Following find an interview with author AK Faulkner.
What is the name of the book and when was it published?
Jack of Thorns (Inheritance, book 1), 3rd September 2019.
What’s the book’s first line?
Laurence was dying.
What’s the book about? Give us the “pitch”.
Two damaged men have to learn to control their supernatural powers if they’re to stand a chance of saving San Diego from the desperate machinations of a dying god.
If you ever thought the Percy Jackson books needed an adult makeover, this is for you.
What inspired you to write the book? A particular person? An event?
It was the characters. I like to sit around doing the most random research and fall down library or internet rabbit-holes for days on end, and the information pours into my brain then begins to spark connections. I let this percolate – usually while throwing more data in on top – and finally characters begin to coalesce.
The ideas which began to layer on top of each other to form Quentin (and I can’t even mention what they were, because just about every one is a spoiler) built up to create this conflicted person who wasn’t capable of truly fulfilling his potential alone.
That’s where Laurence came in. It’s also where my best friend Jen came in, and we bounced ideas back and forth which refined both Laurence and Quentin, until I was ready to start telling their story.
What’s the most distinctive thing about the main characters? Who-real or fictional-would you say the character reminds you of?
Laurence is a bisexual Pagan heroin addict florist who can see the future, and is desperately trying to fill a void in his life which he doesn’t yet understand.
Quentin is a demisexual alcoholic psychokinetic British earl who is running from a traumatic past he doesn’t remember.
Laurence (sometimes) reminds me of a less jaded Eliot Waugh from The Magicians, and Quentin (sometimes) is more like Wylan Van Eck from the Grishaverse. It’s hard to compare them to other characters. They’re quite distinctive in and of themselves.
What’s the main reason someone should really read this book?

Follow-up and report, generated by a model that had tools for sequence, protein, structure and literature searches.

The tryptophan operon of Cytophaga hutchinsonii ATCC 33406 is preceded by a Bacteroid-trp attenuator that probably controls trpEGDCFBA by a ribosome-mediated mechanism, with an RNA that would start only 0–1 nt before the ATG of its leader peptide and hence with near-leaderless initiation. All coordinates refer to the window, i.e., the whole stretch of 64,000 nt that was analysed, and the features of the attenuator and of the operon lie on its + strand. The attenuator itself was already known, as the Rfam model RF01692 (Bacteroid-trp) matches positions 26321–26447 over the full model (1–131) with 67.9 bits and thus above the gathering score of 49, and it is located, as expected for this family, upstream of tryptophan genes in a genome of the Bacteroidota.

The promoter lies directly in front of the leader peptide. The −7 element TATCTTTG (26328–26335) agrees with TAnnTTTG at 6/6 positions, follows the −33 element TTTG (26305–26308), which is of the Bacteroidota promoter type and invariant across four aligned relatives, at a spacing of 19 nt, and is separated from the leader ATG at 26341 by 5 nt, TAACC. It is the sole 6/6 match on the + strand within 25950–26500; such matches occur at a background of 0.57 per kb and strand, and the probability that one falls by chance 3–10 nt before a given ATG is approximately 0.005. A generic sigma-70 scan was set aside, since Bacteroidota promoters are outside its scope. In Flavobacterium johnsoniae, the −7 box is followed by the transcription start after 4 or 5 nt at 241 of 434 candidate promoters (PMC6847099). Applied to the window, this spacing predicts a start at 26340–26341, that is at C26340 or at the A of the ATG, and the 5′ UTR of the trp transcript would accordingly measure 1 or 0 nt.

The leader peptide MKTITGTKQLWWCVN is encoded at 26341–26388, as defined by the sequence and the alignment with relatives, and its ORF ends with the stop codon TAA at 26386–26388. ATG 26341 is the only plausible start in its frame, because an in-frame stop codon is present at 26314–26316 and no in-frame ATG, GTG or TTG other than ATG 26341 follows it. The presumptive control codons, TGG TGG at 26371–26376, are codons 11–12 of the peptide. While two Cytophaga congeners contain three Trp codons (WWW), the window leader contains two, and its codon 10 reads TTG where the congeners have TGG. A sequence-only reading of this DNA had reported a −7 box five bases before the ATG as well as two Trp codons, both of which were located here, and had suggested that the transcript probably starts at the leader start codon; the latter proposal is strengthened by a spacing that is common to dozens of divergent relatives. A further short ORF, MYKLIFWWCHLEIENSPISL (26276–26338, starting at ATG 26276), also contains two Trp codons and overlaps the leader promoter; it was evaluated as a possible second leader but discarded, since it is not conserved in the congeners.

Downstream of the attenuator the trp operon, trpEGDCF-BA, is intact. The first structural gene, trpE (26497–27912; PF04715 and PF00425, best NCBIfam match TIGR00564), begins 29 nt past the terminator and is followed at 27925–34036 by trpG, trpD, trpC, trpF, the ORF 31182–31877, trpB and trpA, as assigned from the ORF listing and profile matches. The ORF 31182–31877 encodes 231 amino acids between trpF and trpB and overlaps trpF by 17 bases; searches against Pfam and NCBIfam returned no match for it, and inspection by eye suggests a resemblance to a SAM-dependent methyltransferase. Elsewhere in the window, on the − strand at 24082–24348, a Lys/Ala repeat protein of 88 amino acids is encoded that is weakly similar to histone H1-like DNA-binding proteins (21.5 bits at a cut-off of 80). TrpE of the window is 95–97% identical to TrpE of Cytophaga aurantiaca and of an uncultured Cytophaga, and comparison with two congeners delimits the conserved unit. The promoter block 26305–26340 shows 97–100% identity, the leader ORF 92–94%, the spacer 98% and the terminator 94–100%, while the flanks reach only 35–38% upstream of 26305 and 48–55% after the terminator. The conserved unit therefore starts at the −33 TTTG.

Compelling and complex characters, multi-layered, textured storytelling, and a story which unfolds languorously until it’s too late for you to put it down.
Is this the first you’ve written?
No, but it’s the first book of this length I’ve written which wasn’t consigned to the eternal hard drive in the sky!
How much time do you generally spend on your writing?
I write full time, just perhaps not to a traditional full time schedule. I average about eight hours a day, but will frequently work weekends and take random days off during the week instead.
I include time spent researching and daydreaming as time spent writing, because both things are essential to the process.
Would you go traditional if a publisher came calling? If so, why?
Potentially. It would have to be the right publisher, but traditional publishers are much better at reaching a wider audience than indies can be, and I wouldn’t have to spend so much time sourcing my own editors, proofreaders, and cover artists.
What’s the best and the hardest part of being an indie?
The best part is absolutely being able to tell the stories that I want to, about the characters I love. I don’t have anyone above me telling me that I have to chip away at pieces of who my characters are to make them more palatable to executives.
For me, I think the hardest part is learning the business side as well as actually writing, editing, revising, and proofing books. There are so many little pieces to the publishing puzzle that you have to learn and put into practice, and they all take time away from what you want to be doing: the actual writing.
What’s a great piece of advice that you can share with fellow indie authors?
You do you. Be yourself, write what you want, and make no apology for either. Never stop working hard on your craft. Every single day is an opportunity to improve your writing, your characterization, your pacing, or your understanding of your genre. Never rest on your laurels.
Is there something in particular that motivates you (fame? fortune?)
Telling stories. I’ve always done it, and I always will. I can’t stop doing it, so why try? I’ve done office jobs and they all made me miserable as hell sooner or later, but writing is what I’m meant to do.
Which book do you wish you could have written?
I would gladly have written Sarah Gailey’s River of Teeth. Fortunately, Sarah did it far better than I possibly could have!